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Now THAT is a watch! Personally, I would send it to Bienne and tell them not to touch the dial and hands. It will come back with the case, crystal and bracelet looking like new, and a very accurate movement, but with a beautifully careworn look to it. With a history like that, it will be a watch you'll treasure forever.
 

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Discussion Starter · #13 ·
Thanks all! I took it to Dave Donaldson here in Phoenix to look at and get mean idea of what to do. He actually came highly recommended from several members here and has gone to Omega for schooling; he is unauthorized parts and repair from Omega.

Again, I thank you all for the nice words and sound advice. Can't wait to move forward and will be certain to keep you all apprised!

Dan
 

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Discussion Starter · #14 ·
Well, I finally got it back, and am ecstatic with the results! Dave Donaldson here in Phoenix did a beautiful job. As posted in the public forum as well, hvae decided to surprise my Dad and give it back to him, in it's new restored condition for his birthday. I think he will enjoy it for many years (hopefully!) to come.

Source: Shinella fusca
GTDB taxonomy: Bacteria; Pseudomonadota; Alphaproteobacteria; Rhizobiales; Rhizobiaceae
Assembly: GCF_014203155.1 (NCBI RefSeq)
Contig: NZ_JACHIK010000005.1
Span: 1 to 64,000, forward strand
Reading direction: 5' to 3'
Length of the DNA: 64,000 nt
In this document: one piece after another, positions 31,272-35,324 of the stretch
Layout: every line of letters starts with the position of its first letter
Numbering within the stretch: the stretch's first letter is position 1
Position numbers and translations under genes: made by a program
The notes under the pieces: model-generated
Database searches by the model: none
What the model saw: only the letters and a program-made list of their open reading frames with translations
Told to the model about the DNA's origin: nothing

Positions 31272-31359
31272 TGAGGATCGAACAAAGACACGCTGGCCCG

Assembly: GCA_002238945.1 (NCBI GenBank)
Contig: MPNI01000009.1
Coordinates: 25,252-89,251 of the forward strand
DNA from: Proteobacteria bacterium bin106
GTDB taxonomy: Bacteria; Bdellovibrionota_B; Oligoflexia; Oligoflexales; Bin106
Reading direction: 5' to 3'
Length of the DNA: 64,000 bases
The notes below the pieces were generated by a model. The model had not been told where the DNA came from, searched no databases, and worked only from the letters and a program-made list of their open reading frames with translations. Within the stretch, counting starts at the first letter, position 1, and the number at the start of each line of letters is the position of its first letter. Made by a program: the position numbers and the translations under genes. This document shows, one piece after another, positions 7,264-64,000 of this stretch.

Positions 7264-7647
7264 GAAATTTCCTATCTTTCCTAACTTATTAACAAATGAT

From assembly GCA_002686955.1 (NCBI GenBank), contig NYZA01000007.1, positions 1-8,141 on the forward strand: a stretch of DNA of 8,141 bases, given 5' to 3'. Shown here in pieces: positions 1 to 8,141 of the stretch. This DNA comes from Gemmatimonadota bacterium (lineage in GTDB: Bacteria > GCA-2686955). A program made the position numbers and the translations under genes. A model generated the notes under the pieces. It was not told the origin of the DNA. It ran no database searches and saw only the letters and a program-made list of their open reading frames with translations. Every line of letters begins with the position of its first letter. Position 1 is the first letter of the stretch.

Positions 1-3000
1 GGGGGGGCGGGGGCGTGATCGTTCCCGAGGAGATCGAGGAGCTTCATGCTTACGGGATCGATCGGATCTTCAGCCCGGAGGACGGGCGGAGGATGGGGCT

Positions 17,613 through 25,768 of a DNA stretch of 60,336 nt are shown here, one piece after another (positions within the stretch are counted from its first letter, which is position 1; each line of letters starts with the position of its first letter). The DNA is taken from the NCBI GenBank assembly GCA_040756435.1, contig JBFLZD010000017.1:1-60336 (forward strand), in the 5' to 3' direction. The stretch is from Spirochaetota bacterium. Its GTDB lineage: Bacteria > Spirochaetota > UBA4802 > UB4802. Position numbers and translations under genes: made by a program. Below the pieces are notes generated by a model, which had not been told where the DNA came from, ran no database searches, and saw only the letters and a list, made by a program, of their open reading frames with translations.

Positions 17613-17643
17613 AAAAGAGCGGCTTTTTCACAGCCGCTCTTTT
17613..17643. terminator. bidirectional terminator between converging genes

Thanks again to all for the advice, here's the results:





 

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Oh my, that is a nicely re-done SM 300. Hope that your dad loves it!
 

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She looks great. What a great gift for a son to give back to his father. Kudos to you.
 

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What a great thread and heart-warming story... This makes me think of my Dad and his 71 Speedmaster that got me started on the road to addiction to the Omega brand. It was a wedding gift from my Mom... a friend of hers was visiting switzerland and she asked her to pick it up from an AD and bring it back for her. The sad thing is that he never really wore it, he always just kept it stored... Up until about 6 years ago I didn't even know he still had it and was horrified to find out that he would take it out once a year and wind it up to see if still worked and then put it away again and it hadn't once been serviced in the 35 or so years he's owned it. I basically gave him .... and jokingly told him if he planned on including it in my inheritence, he better darn well get it serviced before he so much as THINKS about waking it up again. He actually listened to me and now wears it all the time.

Anyhow, again, beautiful story and I was blown away by the restoration... when you put the before and after photos side by side, WOW! Congrats :)

Dan